Friday, September 29, 2017

Stopping By Tennessee

Tromping backwards in time in the footsteps of my third great grandfather Ozey Broyles' father Aaron takes us from the family's home in South Carolina. Here is where we can finally see any tokens of just where they stopped, on their way from Virginia, in the northeastern corner of Tennessee.

Aaron Broyles, himself, had been born in Culpeper County at the close of the colonial period in Virginia. Of course, that is at the beginning of the story, and we are working our way backwards from the end of his timeline. Still, it was clear from several documents that Aaron Broyles was not always a member of the first settlers' community at the old Pendleton District in South Carolina.

According to the John K. Broyles annotation of the Arthur Leslie Keith manuscript (on page 59), Aaron Broyles probably arrived in South Carolina sometime before the middle of November, 1791. The reason that date was targeted is because Aaron was named as party to land transactions in Washington County, Tennessee. Aaron was, at the time, listed as a resident of South Carolina.

This was not just a hop across the border into the next town. A distance of one hundred fifty miles, it was a trip through neighboring state North Carolina and a winding path over a mountain range. It is unclear just why a family originating in Virginia and settling in South Carolina would make a stop in Tennessee—especially a stop long enough to select and purchase, then turn around and sell, two different plots of more than one hundred acres apiece.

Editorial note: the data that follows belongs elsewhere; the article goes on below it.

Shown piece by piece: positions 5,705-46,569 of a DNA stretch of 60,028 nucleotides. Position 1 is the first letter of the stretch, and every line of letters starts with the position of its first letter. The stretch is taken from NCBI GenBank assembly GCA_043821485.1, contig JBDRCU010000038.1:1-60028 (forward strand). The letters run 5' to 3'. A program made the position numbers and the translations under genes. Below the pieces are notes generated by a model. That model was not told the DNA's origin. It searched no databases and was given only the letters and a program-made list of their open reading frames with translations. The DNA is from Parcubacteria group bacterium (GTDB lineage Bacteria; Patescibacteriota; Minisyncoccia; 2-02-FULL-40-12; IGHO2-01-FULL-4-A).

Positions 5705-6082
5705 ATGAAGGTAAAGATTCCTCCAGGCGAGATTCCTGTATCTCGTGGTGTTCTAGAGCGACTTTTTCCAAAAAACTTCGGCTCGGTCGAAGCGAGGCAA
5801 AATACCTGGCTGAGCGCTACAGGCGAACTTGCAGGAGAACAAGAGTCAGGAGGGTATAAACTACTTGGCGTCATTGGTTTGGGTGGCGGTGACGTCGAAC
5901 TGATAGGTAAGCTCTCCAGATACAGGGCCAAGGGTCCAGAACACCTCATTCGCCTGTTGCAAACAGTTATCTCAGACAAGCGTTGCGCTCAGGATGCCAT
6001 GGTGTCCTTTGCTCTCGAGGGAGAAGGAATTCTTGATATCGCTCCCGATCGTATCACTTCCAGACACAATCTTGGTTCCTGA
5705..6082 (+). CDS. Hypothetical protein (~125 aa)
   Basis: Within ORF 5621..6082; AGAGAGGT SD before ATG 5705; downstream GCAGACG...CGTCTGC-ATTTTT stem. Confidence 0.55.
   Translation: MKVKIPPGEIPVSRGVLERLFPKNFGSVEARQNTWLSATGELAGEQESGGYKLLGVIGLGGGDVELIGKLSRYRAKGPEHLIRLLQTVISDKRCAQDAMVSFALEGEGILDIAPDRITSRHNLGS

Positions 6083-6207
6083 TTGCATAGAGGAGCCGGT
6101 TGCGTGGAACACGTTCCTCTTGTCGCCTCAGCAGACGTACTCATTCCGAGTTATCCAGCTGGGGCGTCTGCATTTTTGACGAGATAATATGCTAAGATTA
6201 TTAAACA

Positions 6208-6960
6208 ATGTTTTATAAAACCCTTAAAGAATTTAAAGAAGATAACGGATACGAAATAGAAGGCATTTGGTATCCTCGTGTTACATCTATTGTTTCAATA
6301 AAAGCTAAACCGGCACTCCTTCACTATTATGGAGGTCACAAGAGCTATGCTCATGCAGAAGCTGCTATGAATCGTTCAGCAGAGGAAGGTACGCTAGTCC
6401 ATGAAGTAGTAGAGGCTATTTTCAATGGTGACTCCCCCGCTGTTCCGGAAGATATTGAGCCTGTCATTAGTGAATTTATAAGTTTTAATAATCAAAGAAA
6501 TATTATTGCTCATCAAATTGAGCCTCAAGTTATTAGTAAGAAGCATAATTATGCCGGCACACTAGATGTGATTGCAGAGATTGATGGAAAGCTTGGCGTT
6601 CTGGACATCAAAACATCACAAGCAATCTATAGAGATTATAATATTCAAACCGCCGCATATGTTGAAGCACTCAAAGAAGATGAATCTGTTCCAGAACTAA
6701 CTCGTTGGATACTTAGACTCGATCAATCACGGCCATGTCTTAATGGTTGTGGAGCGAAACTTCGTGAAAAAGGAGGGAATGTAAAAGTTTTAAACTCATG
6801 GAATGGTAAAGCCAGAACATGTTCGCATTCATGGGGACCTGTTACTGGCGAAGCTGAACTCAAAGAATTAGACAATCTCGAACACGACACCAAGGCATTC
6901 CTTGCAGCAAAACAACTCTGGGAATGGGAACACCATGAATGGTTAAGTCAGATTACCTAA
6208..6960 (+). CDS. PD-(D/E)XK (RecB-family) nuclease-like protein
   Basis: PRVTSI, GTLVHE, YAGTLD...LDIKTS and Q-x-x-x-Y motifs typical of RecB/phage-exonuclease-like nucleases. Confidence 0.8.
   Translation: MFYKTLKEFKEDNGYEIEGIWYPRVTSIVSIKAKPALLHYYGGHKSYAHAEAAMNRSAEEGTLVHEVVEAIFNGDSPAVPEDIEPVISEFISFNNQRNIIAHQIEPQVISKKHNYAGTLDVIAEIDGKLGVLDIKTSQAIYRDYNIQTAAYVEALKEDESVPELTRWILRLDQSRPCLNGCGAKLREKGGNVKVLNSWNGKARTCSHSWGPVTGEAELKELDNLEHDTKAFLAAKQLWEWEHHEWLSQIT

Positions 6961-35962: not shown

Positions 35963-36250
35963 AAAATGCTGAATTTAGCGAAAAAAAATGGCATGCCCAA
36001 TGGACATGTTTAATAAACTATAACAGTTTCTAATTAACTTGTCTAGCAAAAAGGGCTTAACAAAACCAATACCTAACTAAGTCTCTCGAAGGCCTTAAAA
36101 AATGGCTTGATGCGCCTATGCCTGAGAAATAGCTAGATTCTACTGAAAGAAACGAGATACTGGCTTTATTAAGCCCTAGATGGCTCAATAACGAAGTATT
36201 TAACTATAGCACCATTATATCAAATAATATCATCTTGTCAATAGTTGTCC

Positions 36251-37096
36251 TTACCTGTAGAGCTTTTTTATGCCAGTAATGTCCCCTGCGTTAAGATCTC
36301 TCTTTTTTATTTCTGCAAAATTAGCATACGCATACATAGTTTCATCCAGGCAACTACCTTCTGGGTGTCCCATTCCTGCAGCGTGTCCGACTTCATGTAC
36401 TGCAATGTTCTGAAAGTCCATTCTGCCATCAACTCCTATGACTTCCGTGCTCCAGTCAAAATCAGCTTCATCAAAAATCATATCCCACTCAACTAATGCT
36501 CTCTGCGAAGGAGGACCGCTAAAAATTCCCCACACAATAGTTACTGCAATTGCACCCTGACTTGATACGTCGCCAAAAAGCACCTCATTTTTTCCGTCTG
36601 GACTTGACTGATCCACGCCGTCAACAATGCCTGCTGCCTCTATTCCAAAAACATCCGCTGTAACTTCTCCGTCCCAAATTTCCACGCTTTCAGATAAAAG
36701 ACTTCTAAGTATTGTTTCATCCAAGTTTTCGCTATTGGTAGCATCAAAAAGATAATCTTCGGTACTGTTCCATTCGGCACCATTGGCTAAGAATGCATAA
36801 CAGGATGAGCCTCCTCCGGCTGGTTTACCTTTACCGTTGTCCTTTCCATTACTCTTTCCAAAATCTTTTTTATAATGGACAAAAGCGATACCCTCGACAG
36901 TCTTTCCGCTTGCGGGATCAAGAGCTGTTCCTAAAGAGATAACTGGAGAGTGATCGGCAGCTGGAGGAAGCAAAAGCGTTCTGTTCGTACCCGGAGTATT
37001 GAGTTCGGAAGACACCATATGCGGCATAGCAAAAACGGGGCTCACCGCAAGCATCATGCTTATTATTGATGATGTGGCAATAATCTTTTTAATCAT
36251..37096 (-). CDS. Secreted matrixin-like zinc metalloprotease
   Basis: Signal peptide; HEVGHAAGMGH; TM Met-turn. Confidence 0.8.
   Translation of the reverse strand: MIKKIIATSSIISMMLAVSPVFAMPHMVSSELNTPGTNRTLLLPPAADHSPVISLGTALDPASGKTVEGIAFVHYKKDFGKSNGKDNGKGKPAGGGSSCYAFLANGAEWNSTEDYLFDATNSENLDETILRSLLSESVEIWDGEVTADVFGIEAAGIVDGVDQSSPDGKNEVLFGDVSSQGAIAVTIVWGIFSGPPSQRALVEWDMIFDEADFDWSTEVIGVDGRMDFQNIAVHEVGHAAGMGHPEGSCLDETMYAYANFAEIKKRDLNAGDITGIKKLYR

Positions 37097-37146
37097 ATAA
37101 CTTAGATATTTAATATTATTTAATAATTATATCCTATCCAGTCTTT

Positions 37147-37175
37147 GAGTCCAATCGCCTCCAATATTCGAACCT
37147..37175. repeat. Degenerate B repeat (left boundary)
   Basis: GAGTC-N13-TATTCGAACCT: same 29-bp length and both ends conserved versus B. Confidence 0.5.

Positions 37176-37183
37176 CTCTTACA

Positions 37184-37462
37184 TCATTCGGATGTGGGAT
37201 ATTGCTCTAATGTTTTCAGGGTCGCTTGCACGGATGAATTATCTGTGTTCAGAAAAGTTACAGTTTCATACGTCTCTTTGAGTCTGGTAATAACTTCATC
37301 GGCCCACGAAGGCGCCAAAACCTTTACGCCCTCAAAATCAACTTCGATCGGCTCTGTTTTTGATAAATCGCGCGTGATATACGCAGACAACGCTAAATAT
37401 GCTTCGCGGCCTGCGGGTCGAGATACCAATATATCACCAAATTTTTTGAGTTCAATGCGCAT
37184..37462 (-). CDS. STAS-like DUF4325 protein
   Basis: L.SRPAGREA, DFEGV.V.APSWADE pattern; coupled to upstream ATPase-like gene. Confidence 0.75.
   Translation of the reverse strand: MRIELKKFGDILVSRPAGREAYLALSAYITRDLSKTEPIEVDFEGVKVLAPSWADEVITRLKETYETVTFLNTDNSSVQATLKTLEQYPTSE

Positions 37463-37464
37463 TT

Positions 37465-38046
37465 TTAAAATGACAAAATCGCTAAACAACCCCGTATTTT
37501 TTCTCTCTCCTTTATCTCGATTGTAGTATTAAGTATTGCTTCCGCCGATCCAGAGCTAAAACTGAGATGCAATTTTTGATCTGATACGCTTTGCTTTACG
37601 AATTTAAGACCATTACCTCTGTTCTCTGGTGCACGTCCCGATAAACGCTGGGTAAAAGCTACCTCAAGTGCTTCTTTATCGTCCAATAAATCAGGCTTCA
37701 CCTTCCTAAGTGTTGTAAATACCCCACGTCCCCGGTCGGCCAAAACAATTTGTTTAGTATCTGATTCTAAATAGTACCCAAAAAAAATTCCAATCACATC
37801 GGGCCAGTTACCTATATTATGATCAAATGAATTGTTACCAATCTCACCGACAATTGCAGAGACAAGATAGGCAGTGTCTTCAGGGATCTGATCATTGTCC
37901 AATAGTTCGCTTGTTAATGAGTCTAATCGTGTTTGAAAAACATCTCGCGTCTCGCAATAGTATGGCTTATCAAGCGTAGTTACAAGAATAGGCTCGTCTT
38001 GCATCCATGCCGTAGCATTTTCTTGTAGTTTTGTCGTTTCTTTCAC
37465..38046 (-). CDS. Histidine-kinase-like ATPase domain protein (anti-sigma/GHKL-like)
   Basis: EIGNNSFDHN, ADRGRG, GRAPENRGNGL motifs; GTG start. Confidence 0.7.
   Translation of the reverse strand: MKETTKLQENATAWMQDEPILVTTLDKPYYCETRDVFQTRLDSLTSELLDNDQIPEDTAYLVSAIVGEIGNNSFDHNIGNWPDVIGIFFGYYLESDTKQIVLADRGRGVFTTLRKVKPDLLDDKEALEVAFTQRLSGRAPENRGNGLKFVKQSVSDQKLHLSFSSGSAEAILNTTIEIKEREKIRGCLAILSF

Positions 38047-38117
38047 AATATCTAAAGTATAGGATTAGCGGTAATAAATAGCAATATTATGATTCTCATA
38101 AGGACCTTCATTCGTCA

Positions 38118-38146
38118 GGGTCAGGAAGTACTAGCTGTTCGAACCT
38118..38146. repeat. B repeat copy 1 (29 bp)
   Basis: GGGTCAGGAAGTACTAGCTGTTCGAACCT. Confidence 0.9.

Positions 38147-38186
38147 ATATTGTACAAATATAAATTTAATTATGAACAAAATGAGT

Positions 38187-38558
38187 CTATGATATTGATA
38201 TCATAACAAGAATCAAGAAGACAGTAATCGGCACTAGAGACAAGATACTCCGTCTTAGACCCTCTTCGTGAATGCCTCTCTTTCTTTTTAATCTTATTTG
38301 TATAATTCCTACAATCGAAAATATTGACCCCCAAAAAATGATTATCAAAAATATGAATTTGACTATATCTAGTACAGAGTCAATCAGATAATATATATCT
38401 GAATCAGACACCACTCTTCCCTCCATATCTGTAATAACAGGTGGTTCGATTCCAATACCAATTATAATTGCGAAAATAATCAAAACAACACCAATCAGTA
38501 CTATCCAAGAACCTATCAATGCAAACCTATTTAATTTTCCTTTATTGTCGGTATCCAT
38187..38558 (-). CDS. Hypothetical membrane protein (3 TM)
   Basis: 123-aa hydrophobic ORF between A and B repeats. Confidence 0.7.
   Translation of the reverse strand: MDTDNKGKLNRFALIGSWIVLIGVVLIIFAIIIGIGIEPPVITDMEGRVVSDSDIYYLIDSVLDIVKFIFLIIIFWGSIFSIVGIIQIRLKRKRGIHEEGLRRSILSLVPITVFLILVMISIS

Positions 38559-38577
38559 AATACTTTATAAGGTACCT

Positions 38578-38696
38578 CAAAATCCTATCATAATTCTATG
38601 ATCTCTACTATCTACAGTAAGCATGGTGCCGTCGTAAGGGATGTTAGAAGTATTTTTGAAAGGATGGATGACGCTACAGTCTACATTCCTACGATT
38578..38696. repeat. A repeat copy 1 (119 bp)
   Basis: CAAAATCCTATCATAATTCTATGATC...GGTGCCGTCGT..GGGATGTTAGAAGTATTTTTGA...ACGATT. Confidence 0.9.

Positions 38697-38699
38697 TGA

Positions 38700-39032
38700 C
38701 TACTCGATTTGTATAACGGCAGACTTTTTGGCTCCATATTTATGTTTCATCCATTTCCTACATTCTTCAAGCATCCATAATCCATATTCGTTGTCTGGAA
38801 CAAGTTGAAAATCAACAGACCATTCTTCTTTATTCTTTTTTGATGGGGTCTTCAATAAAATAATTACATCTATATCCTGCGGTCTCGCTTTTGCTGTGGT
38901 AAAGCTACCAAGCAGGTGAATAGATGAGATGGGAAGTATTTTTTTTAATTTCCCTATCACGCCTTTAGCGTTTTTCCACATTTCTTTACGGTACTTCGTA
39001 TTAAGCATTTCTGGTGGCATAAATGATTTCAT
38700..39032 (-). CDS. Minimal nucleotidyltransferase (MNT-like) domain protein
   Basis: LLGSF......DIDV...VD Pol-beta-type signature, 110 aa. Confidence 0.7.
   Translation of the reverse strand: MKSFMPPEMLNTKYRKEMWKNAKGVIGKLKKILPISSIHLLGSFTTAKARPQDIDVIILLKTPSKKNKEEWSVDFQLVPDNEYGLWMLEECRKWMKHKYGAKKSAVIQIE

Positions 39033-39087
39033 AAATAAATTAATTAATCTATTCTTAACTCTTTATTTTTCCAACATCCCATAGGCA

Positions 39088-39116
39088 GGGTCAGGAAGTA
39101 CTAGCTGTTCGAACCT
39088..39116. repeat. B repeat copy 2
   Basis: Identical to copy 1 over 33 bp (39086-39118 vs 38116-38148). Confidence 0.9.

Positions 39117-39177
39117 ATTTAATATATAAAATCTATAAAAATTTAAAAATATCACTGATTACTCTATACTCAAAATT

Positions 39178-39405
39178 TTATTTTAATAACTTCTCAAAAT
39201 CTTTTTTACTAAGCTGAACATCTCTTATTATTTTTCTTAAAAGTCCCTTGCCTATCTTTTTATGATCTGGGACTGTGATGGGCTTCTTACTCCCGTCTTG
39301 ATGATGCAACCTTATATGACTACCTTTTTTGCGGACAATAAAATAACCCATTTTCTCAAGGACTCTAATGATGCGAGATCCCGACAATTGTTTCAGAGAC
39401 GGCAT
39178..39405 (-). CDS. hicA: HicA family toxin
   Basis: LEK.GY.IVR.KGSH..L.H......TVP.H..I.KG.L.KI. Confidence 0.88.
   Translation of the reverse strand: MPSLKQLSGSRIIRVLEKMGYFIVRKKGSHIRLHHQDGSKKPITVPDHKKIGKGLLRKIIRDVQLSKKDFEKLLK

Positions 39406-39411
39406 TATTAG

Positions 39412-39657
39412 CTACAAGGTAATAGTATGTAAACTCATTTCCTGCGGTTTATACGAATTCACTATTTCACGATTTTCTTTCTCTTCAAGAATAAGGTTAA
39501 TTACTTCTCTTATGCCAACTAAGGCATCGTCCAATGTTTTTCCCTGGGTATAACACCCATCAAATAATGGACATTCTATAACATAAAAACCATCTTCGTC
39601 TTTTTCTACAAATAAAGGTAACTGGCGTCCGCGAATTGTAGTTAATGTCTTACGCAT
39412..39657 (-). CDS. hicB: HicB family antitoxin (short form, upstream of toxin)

Stepping back yet one more generation provides part of the answer: the part that explains just how Aaron came to own any land at all in Washington County, Tennessee. Apparently, it was on account of his father, Adam Broyles.

Adam, in turn, was also a man born in Virginia. Born in 1729, the place of his birth has been listed as  either Spotsylvania County or what is now Madison County (later created in 1792 from Culpeper County). Adam was one of several sons of German immigrants Jacob Broyles and Mary Catharine Fleishman.

According to the Broyles manuscript (on page 29), Adam Broyles was eventually a landholder of several plots of land in Culpeper County, for his name appeared in a number of transactions in the county's records. The last of the transactions in Virginia was dated in 1780, and Arthur Keith takes that to be a reasonable estimate for Adam Broyles' departure from Virginia.

It is only through mention of property in his will that we discover where Adam Broyles settled next: Washington County, Tennessee. His will, drawn up on April 19, 1782, was filed in Washington County and, according to Keith, probated that following May.

Among other arrangements, Adam gave a portion of that land to his son Aaron—the one who eventually moved to the Pendleton District of South Carolina. A stipulation in Adam's will was that his children should live on his Tennessee property until the point at which the executors would divide the estate in 1790, perhaps the explanation providing us with the reason why we found Aaron returning to Washington County, Tennessee, as a resident of South Carolina in that November 1791 sale of the land mentioned earlier. Perhaps Aaron had received his portion of his father's Tennessee land in 1790, used it to finance his move to South Carolina, then turned around and disposed of it in that 1791 sale.

Still, that only explains why Aaron had to return to Tennessee from his new home in South Carolina. It doesn't explain how his father, a former Virginia resident, decided to obtain land in Tennessee in the first place. For every research answer, there is always another question.   

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